Students Warned Reading 3rd-Year Politics Essay Could Fall Foul of Counter Terrorism Legislation – 学生警告阅读第三年政治论文可能违反反恐立法

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12 Nov 2018

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Students Warned Reading 3rd-Year Politics Essay Could Fall Foul of Counter Terrorism Legislation

12 Nov 2018

An essay by the respected Professor Norman Geras has been flagged by the University of Reading as ‘sensitive’ under UK’s Counter-Terrorism scheme


Students Warned Reading 3rd-Year Politics Essay Could Fall Foul of Counter Terrorism Legislation - 学生警告阅读第三年政治论文可能违反反恐立法

A student reads on a laptop, 2013. Courtesy: John Loo/Flickr

Students at the University of Reading have been told to act with caution when reading an essay by a leading left-wing academic in order to avoid investigation as part of the UK government’s Prevent scheme.

The essay, written by the late Professor Norman Geras on the subject of the ethics of a socialist revolution, was set as ‘essential’ reading on a third-year politics module titled ‘Justice and Injustice’. The essay rejects terrorism but argues that in the case of severe social injustice, violence could be justified. The text was flagged by the university as ‘sensitive’ under Prevent guidelines.

The ‘Prevent’ duty is listed under section 26 of the Counter-Terrorism and Security Act (2015), which states that higher education bodies ‘must, in the exercise of its functions, have due regard to the need to prevent people from being drawn into terrorism.’ The strategy forms one part of the four ‘Ps’ of the government’s counter-terrorism strategy. (Protect, prepare and pursue comprise the three further tactics).

The University of Reading has issued advice to students for the circumstances under which they should read Professor Geras’s essay, entitled ‘Our Morals: The Ethics of Revolution’. The advice includes warnings not to read the text on personal devices, to access it only in a secure setting ‘where the material cannot be accessed by other students’ and to not leave it where it could by read ‘inadvertently or otherwise, by those who are not prepared to view it’.

However, the incident has been met with outcry from academics across the country. Fahid Quarashi, a lecturer in Sociology at Staffordshire University said the incident indicates how anti-terrorism legislation is ‘being applied far beyond its purview.’

Waqas Tufail, a senior lecturer in criminology added to criticism, saying: ‘This text was authored by a mainstream, prominent academic who was well-regarded in his field, who was a professor at Manchester for many years and whose obituary was published in The Guardian. This case raises huge concerns about academic freedom and students’ access to material, and it raises wider questions about the impact of Prevent.’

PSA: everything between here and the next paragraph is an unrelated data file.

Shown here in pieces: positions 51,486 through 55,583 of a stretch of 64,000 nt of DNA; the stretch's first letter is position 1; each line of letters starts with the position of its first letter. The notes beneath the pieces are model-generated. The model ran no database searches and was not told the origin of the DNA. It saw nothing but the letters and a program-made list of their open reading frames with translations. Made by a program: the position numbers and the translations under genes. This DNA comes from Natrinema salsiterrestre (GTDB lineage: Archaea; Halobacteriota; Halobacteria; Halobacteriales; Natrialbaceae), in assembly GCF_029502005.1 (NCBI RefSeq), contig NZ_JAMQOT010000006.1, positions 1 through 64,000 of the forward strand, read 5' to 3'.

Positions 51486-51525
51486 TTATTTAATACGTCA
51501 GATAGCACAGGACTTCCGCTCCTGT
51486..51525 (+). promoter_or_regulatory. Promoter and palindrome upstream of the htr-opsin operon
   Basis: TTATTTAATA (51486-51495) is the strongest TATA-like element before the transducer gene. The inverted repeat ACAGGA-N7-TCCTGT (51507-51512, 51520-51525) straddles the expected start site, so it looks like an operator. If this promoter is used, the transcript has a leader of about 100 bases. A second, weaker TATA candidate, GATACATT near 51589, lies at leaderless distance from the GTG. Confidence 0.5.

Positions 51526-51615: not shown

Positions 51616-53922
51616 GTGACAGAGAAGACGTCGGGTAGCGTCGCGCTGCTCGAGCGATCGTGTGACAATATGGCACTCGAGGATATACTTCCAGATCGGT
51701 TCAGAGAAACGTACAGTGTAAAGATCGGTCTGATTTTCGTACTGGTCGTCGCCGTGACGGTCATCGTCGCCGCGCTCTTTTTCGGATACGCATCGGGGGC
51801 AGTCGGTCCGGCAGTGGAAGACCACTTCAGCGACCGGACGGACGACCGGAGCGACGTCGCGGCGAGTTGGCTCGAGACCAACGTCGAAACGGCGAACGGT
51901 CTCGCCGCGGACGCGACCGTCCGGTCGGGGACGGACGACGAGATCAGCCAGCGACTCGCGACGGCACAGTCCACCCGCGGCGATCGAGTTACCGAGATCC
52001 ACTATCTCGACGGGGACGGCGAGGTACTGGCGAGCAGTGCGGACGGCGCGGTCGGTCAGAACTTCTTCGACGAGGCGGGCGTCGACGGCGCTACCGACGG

Ilyas Nagdee, black student’s officer at the National Union of Students said: ‘Prevent fundamentally alters the relationship between students and educators, with those most trusted with our wellbeing and development forced to act as informants. As this case shows, normal topics that are discussed as a matter of course in our educational spaces are being treated as criminal’.

In sector-specific advice issued to higher education institutions in England and Wales in 2015, the UK Government included a statement explaining the rationality behind the Prevent scheme: ‘Relevant Higher Education Bodies […] represent one of our most important arenas for challenging extremist views and ideologies. But young people continue to make up a disproportionately high number of those arrested in this country for terrorist-related offences and of those who are travelling to join terrorist organisations in Syria and Iraq.’

The Counter-Terrorism and Security Act has repeatedly come under fire since its expansion by the coalition government in 2011. In 2016, labour politician and Major of Manchester Andy Burnham called the Prevent duty ‘highly discriminatory against one section of the community’. While in 2017 a report based on interviews with 36 Muslim students, academics and professional argued that Prevent instils ‘fear, suspicion and censorship’ on university campuses.

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Higher Education
Art & Politics
University of Reading

新闻/新闻2018年11月12日雷丁大学已将尊敬的诺曼·格拉斯教授的一篇论文标记为“敏感”,根据英国反恐计划body-8709720022_014f955bab_k.jpg Students Warned Reading 3rd-Year Politics Essay Could Fall Foul of Counter Terrorism Legislation - 学生警告阅读第三年政治论文可能违反反恐立法一个学生在笔记本电脑上读书,2013。礼貌:阅读大学的John Loo/Flickr学生被告知,在阅读左翼著名学者的论文时要谨慎行事,以避免作为英国政府预防计划的一部分进行调查。这篇论文由已故的诺曼·格拉斯教授撰写,主题是社会主义革命的伦理学,它被定为“必要的”阅读,是关于第三年政治学模块的“正义与不公正”。这篇文章驳斥恐怖主义,但认为,在严重的社会不公正的情况下,暴力可以是正当的。该文本被大学标记为“敏感”的预防指南。《反恐与安全法》(2015)第26条列出了“预防”义务,该条规定,高等教育机构“在行使其职能时,必须适当考虑防止人们卷入恐怖主义的需要。”他是政府反恐战略的四个“PS”。(保护、准备和追求包括三个进一步的策略)。雷丁大学已经就学生应该阅读Geras教授题为“我们的道德:革命的伦理”的文章的情况向学生提出了建议。该建议包括警告不要在个人设备上阅读文本,仅在“其他学生不能访问该材料”的安全设置中访问该文本,并且不要通过阅读“不经意或不经意的,不准备查看它的人”而将其留在可以访问的位置。然而,这一事件却受到全国各地学者的强烈抗议。斯塔福德郡大学社会学讲师法希德·夸拉希(Fahid Quarashi)说,这起事件表明反恐立法是如何“远远超出其职权范围”得到应用的。犯罪学高级讲师瓦卡斯·图法夫(Waqas Tufail)对此表示批评,他说:“这篇文章是由一个主流的昵称。”这位学者在他的领域备受尊敬,在曼彻斯特当了多年的教授,他的讣告发表在《卫报》上。这个案件引起了人们对学术自由和学生获取资料的极大关注,也引发了更多关于预防措施的影响的问题。ND教育者,那些最受信任的人,我们的福利和发展被迫充当告密者。正如这个案例所显示的,在我们的教育空间里作为课程讨论的正常话题被当作罪犯对待。在2015年发给英格兰和威尔士的高等教育机构的具体部门建议中,英国政府发表了一份声明,解释预防计划背后的合理性:“相关的高等教育机构[…]代表我们向极端主义分子发起挑战的最重要领域之一。”观点和意识形态。但是,在这个国家,由于与恐怖主义有关的犯罪行为而被捕的年轻人和前往叙利亚和伊拉克加入恐怖组织的青年人数仍然高得离谱。2011由联合政府扩大。2016年,工党政治家兼曼彻斯特少校安迪·伯纳姆称预防责任是“对社区中一个部门的高度歧视”。而在2017年,一份基于对36名穆斯林学生、学者和专业人士的采访的报告指出,防止在大学校园中灌输“恐惧、怀疑和审查”。新闻/高等教育新闻·艺术·政治阅读大学审查教育


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